The Brontë Novels as Historical Fiction

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Abstract

The article looks at the Brontës' reasons for setting the action of their novels in the past, from the late-18th-century setting of "Wuthering Heights" to the twenty-year backdating of "Agnes Grey". The bulk of the article, however, deals with Charlotte Brontë's condition-of-England novel "Shirley".

Like other well-known nineteenth-century novelists, including Dickens and Thackeray, the Brontë sisters wrote fiction set in the past. Indeed, the main action in all their novels is backdated by at least one generation. This article explores reasons for the three writers’ respective choices of temporal framework, looking at works by all of them in the historical contexts to which they supposedly belong. The bulk of the analysis is devoted to the only Brontë book that may be called a condition-of-England novel, Charlotte Brontë’s Shirley. The paper addresses the stereoscopic properties of the action in that novel, Luddism prefiguring Chartism. Showing how past and present coalesce in the book’s portrayal of Yorkshire and Britain, this paper supplies an outline of what, to Charlotte Brontë, made Britain great.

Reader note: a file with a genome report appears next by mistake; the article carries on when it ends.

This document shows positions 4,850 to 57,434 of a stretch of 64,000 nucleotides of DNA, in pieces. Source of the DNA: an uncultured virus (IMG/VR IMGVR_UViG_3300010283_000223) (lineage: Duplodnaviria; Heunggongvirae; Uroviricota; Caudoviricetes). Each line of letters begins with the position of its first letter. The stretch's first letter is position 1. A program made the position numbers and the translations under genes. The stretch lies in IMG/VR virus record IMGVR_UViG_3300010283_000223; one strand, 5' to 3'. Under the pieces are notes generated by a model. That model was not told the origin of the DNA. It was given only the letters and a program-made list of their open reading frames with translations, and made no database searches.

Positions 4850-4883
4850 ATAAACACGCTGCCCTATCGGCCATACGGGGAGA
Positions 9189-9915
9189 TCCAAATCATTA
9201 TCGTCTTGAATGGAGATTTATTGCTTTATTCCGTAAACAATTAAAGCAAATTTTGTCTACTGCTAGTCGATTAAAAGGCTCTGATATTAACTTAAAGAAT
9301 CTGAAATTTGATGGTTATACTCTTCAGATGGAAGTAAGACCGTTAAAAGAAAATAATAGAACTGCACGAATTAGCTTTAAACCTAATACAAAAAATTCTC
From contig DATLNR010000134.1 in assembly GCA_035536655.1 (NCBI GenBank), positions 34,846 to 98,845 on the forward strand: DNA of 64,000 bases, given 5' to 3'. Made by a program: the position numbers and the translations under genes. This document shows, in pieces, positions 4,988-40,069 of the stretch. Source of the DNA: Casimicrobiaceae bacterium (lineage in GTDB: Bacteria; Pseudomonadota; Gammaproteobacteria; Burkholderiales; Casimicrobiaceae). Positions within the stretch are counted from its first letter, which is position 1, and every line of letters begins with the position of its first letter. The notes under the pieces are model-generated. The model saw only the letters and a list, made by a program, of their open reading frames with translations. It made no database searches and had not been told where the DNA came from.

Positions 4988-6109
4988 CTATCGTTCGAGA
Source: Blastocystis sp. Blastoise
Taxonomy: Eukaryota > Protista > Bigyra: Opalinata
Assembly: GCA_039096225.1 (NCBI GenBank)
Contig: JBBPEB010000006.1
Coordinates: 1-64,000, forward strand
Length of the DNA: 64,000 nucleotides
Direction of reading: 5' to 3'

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Subject classification (UKÄ) – MANDATORY

  • Specific Literatures

Keywords

  • Brontë, historical novel, Jane Eyre, politics in literature, Shirley
Original languageEnglish
Pages (from-to)276-282
JournalBrontë Studies
Volume40
Issue number4
Publication statusPublished - 2015
Publication categoryResearch
Peer-reviewedYes